[webkit-dev] Feature removal: CSS variables

Jon Rimmer jon.rimmer at gmail.com
Sun Apr 7 16:17:27 PDT 2013

I was asked to provide feedback via the mailing-list and not the bug, so
here goes.

As a web developer, I'm very disappointed to see this feature removed. I
would prefer it to be enabled in Safari and maintained by the remaining
WebKit contributors. Especially now, removing a feature like this sends an
unfortunate signal about your intentions for the project and your
commitment to continued advancement. A commonly repeated narrative
regarding Google's fork is that they were the only ones dragging WebKit
forward, and this doesn't do a lot to disprove it.

The debate over the syntax of "CSS variables" is long and storied, and is
marked by misused terminology and misunderstanding in general. Most
objections from developers stem from a preference for a $foo style syntax,
as used in the SASS preprocessor. However, SASS's kind of "variables" are
not really variables, they are preprocessor defines. "CSS variables" as
implemented by this feature are also not variables either, nor do they
match what SASS does. They as better referred to custom properties, and
indeed, the full title of the specification has already changed to reflect
this[1]. The $foo syntax is not a good fit for custom properties, but is
being reserved for other, variable-esque things, that might be added to CSS
in the future[2].

CSS Custom Properties are an important feature. They support the basic use
case of defining some value, like a colour, in a single location, then
using it in others. Unlike preprocessor defines however, they participate
in the cascade, meaning a value can easily be overridden for a section of a
page if required. They also play an important role in Web Components, where
they provide a method for encapsulated widgets to provide a styling
interface to their users[3]. Furthermore, it's also possible to imagine CSS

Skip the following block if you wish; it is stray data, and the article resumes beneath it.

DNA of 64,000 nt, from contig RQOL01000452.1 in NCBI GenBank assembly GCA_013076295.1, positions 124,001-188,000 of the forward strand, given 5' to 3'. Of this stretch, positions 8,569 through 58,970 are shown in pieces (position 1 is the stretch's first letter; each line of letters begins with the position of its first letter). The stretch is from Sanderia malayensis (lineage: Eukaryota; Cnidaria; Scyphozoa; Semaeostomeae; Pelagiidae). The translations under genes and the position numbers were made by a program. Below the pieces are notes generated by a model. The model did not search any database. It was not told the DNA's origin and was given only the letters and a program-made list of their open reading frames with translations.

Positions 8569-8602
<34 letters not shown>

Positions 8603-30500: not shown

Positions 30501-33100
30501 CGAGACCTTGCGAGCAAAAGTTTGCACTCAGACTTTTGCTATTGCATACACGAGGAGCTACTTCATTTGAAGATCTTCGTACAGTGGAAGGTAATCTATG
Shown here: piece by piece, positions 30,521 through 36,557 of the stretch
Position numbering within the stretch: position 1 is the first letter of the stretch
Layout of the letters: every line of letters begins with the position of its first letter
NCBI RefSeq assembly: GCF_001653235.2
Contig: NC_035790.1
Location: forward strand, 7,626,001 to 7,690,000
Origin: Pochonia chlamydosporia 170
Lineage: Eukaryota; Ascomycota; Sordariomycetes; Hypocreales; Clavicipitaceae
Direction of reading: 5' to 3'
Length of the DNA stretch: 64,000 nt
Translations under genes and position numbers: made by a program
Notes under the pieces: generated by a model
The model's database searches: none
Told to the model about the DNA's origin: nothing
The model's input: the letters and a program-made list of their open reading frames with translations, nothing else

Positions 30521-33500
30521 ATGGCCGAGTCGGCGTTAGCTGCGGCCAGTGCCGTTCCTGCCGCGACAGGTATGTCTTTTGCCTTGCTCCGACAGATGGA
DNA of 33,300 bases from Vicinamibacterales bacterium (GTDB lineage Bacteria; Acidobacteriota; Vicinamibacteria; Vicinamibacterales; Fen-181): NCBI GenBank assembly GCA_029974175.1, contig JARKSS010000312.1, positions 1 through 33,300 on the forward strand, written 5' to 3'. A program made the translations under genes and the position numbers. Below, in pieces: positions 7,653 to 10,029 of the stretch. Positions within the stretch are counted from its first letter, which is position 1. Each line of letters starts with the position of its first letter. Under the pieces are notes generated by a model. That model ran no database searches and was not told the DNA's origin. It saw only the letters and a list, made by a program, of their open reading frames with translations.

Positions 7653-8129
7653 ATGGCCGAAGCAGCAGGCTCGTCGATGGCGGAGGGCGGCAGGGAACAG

libraries like Bootstrap using custom properties to allow them to be
configured without having to rebuild the entire library with the
preprocessor, or as a way to provide custom styling information that can be
consumed by JavaScript UI libraries such as jQuery Mobile (in that sense,
they are more analogous to HTML's data-* attributes than variables).

As well as being in Chrome, custom property support is also being developed
by Mozilla[4]. It is an actively edited W3C spec that is expected to reach
Last Call status soon[5]. Given that situation, removing it from WebKit
seems a very negative step. If it is removed and remains unimplemented in
Safari and other WebKit browsers, then they will continue to fall behind
competing layout engines. If it is removed now and must be resurrected at a
later date, then the total cost is likely to be greater than making the
effort to turn it on and take ownership of it *now*.

It seems like WebKit is at a crossroads: You can deal with the engineering
shortfall that Google's departure has left you with by simplifying the
architecture, cutting out their features and continuing at a reduced pace,
or by stepping up yourselves to fill the gap. I think it would be better
for the web and for WebKit if you chose the latter.

[1] http://dev.w3.org/csswg/css-variables/
[2] http://www.xanthir.com/blog/b4KT0
[4] https://bugzilla.mozilla.org/show_bug.cgi?id=773296
[5] http://www.w3.org/blog/CSS/2013/03/28/css-variables-updated/


Jon Rimmer
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